Health Beat: Campus Pumps New Life into Career Service’s Pre-Health Resources
Ever since elementary school, UC San Diego senior biology major Jackie Nguyen knew she wanted to be an optometrist. She also knew she needed help preparing her application for optometry school, so she headed to UC San Diego’s career services for pre-health students, newly rebranded as Health Beat. Here, she was able to schedule advising appointments and receive individual help with her personal statements and interview preparation. She calls the experience “extremely valuable and helpful in my process of applying to school.”
“Career services are critical to helping students achieve success once they graduate,” said Juan González, Vice Chancellor for Student Affairs.“With so many of our undergraduates interested in pursuing careers in health, it is essential that we provide the necessary support so our Tritons can continue to be trailblazers in providing the best patient care.”
“So many” is right: nearly one-third of UC San Diego’s undergraduate population has expressed interest in a career in a health-related field—that’s almost 9,000 Tritons! Before Health Beat, the university offered resourses to help students choose a health field and apply to school, including advising sessions and health fairs, but the approach was decentralized and sometimes confusing. Students had a hard time scheduling appointments with advisors and often didn’t know where to turn to for guidance. Consequently, many were unsure how to make the best use of the tools that the school offered.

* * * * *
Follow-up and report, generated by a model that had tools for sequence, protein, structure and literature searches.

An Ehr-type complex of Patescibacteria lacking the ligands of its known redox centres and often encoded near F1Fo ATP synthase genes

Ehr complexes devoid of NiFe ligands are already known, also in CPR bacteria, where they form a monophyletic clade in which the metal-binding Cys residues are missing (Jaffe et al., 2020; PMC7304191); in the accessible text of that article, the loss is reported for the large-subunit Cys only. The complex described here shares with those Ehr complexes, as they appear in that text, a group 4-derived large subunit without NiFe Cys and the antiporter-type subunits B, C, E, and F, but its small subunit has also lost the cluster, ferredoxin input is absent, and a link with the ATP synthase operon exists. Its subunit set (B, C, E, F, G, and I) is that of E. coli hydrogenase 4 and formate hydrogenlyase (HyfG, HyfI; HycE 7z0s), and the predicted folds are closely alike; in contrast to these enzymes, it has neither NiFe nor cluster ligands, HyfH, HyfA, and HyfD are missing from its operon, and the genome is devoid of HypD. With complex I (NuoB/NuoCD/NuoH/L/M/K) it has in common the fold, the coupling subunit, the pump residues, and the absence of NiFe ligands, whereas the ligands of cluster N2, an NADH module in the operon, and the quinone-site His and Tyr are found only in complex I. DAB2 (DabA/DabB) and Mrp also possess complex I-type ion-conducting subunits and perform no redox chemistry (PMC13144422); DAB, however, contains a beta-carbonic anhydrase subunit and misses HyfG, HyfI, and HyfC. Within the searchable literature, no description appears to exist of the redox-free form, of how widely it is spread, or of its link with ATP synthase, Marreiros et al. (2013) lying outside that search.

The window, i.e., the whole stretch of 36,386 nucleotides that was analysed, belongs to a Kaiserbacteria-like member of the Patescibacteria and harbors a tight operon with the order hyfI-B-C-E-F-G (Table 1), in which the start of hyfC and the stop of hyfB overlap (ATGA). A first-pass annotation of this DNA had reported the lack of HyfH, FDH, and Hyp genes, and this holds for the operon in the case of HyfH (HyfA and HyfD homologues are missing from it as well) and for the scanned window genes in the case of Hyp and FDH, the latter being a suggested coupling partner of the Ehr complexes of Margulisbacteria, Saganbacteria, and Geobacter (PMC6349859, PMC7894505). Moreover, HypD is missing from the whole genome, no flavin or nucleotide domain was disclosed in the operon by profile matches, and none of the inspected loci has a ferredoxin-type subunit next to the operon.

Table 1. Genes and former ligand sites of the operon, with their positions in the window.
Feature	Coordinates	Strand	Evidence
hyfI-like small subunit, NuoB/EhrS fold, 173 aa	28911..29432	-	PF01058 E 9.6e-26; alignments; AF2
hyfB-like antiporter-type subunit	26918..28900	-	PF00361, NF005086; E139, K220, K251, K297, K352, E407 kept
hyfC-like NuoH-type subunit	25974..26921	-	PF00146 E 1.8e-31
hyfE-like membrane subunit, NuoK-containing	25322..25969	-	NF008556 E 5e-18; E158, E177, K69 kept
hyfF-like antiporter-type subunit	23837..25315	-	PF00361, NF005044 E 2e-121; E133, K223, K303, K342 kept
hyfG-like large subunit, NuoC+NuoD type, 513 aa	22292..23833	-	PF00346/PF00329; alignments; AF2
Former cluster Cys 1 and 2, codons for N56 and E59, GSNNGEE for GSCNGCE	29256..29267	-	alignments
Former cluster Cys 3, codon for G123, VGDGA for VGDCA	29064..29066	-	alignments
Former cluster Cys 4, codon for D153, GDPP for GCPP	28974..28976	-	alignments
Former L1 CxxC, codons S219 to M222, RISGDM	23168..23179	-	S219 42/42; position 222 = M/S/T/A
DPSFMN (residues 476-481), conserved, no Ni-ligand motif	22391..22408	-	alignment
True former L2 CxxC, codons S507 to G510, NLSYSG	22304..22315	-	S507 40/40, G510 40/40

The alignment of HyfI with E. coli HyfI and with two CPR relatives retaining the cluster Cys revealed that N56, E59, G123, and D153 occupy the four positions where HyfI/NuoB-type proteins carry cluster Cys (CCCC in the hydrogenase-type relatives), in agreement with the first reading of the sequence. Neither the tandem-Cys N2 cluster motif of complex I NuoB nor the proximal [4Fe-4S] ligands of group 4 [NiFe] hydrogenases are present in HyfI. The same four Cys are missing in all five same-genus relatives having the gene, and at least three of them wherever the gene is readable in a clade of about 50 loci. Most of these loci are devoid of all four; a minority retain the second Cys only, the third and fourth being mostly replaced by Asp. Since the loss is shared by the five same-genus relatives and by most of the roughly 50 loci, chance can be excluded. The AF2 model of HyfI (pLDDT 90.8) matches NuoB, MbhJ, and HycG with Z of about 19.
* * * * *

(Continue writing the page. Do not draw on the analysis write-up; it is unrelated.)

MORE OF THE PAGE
The Career Center wanted to optimize their usefulness to pre-health students. The demand was there, but the infrastructure was not. The solution? They partnered with the other major pre-health advising service on campus, HMP3 (Health and Medical Professions Preparation Program), and rebranded as Health Beat. Alongside HMP3, they created a Staff Advisory Committee with the major health-related divisions on campus, including School of Medicine and Skaggs School of Pharmacy; and created a student council with representatives from all major student-led, pre-health organizations. This helps ensure all pre-health student needs are being addressed and that there is a cohesive message across campus.
Health Beat began launching updated services in the fall. The website was redesigned to be more user-friendly, granting 24/7 access to information, including videos and guides on how to pay for school. They also created a new program called “Pre-health Certified” that requires students to earn clinical hours, write papers and attend workshops in preparation for medical school. The biggest improvement, however, was to the advising program—a segment that had previously drawn complaints from students.
The advising structure was switched to a combination of drop-ins (quick, ten-minute appointments) and longer, pre-scheduled appointments for students who were closer to actually applying to a health professional school. The difference is apparent, says senior human biology major Desiree Johnson: “It is way more accessible and reliable. The Health Beat advisors have been essential to my success.”